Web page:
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CFYJ Reports

Too Many Youth Caught in the Net of Adult Prosecution

Too Many Youth Caught in the Net of Adult Prosecution

Too Many Youth Caught in the Net of Adult Prosecution

In October 2007, the Campaign for Youth Justice released “To Punish a Few: Too Many Youth Caught in the Net of Adult Prosecution,” which provides a comprehensive analysis of the issue of youth tried as adults. Jolanta Juszkiewicz, Ph.D., authored this comprehensive report as a follow up to her earlier study, “Youth Crime/Adult Time: Is Justice Served?”. This report uses data collected for the Juvenile Defendants in Criminal Courts, Survey of 40 Counties, 1998 (JDCC) program sponsored by the Bureau of Justice Statistics, U.S. Department of Justice. The JDCC was the most ambitious effort to capture information on the prosecution of juveniles as adults. This report presents a multi-faceted analysis to explore whether the intended purposes of the expansion of adult prosecution of youth were met in 1998 and whether the answers to that question would differ today.

The findings of this report add credence to those of innumerable other studies that (1) African-American youth were disproportionately caught in the net of adult prosecution and adjudication in most of the jurisdictions, when measured against their proportion of the general or arrested population and (2) a high proportion of youth were held in adult jails, and for many whose cases did not result in a conviction in adult court this was their only exposure to an adult facility. Other findings indicated that the filing mechanisms, particularly the statutory exclusion and to a lesser extent direct filing, were less successful in identifying those youth who were deemed to be inappropriate for juvenile court then the judicial waiver. Many youth whose cases were filed in adult court by these mechanisms were subjected to detention in adult jail only to have their cases be transferred back to the juvenile court system or otherwise thrown out of the adult system.

Perpetual Punishment: The Consequences of Adult Convictions for Youth

perpetual punishmentAn examination of the long-term consequences of adult conviction for a youth, including federal legislation barring access to federal programs (food stamps, public assistance, public housing, etc) as well as state legislation over criminal history anonymity, employment barriers and other essentials to becoming a productive citizen.

Return Them to Juvenile Court

return them to juvenile courtA criticism of the punitive dimensions of historic and recent policies that have placed juveniles in the criminal courts, this brief also describes rationales that better fit society's interests in strengthening juveniles to be well-adjusted youth, rather than risking their futures and society's interests with their incarceration as criminals.

Children Being Tried as Adults: Pre-Trial Detention Laws in the U.S.

children being tried as adultsA run-down of the pre-trial detention laws for each of the 51 jurisdictions in the United States (50 states plus the District of Columbia). Includes information on the negative effects of holding youth pre-trial in adult facilities.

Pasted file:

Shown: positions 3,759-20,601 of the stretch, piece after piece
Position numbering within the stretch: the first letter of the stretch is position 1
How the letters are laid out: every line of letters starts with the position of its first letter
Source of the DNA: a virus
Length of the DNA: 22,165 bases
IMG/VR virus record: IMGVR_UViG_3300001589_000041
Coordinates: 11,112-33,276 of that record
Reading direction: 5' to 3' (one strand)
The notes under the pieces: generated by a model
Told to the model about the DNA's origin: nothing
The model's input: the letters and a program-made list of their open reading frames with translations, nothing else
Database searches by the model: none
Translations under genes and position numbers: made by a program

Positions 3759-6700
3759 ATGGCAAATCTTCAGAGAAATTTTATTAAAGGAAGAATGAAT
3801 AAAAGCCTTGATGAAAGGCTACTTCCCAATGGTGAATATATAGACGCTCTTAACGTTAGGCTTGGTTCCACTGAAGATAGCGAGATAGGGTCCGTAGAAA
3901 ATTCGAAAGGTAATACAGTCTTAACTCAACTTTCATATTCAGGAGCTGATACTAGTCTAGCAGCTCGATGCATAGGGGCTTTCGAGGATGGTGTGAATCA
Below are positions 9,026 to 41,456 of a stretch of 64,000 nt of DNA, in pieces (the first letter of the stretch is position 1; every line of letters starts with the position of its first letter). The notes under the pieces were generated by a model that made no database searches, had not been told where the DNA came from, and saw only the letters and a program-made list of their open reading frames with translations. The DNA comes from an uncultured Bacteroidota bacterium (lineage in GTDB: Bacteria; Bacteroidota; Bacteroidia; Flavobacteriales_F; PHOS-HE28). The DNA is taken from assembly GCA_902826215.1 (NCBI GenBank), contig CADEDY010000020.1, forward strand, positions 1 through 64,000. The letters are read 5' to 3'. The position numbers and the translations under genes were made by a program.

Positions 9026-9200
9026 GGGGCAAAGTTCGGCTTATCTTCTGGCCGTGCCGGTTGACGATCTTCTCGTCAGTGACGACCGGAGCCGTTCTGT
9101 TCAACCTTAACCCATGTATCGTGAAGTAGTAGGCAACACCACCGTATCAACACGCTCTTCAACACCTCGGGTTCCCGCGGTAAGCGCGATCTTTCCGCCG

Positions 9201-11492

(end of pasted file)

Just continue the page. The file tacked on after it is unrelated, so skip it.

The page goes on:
The Consequences Aren't Minor

The Consequences Aren’t Minor: The Impact of Trying Youth as Adults and Strategies for Reform

consequences arent minorThis March 2007 study examines the laws and data in seven key states: California, Connecticut, Florida, Illinois, North Carolina, Virginia, and Wisconsin. An estimated 200,000 youth end up in the adult system each year, and 40 states allow or require the jailing of these youth in adult facilities before they ever go to trial. They are often held in adult jails for months or years, even though they are charged with nonviolent offenses. Research indicates that sending youth to the adult criminal justice system doesn't work to reduce crime. Jails are not designed to safely hold youth, who are either incarcerated in cells with adults, or separated in forms of isolation that can lead to depression or even suicide.

The laws are not evenly applied, with youth of color and those without access to adequate legal counsel more likely to end up in adult correctional facilities. Nationwide, three out of four young people admitted to adult prison in 2002 were youth of color. The report also notes that juvenile judges are frequently excluded from the decision to prosecute youth as adults. Instead, prosecutors and state laws determine which youth end up in the adult system, no matter how minor the offense.

The report urges policy makers to take advantage of the shift in public opinion and the new adolescent brain development research that inspired the Supreme Court to end the death penalty for minors. The report calls for a ban on the incarceration of youth in adult jails or prisons, and in the rare cases where the seriousness of a crime warrants consideration of prosecution in the adult system, a juvenile court judge should make the decision rather than prosecutors or state law.

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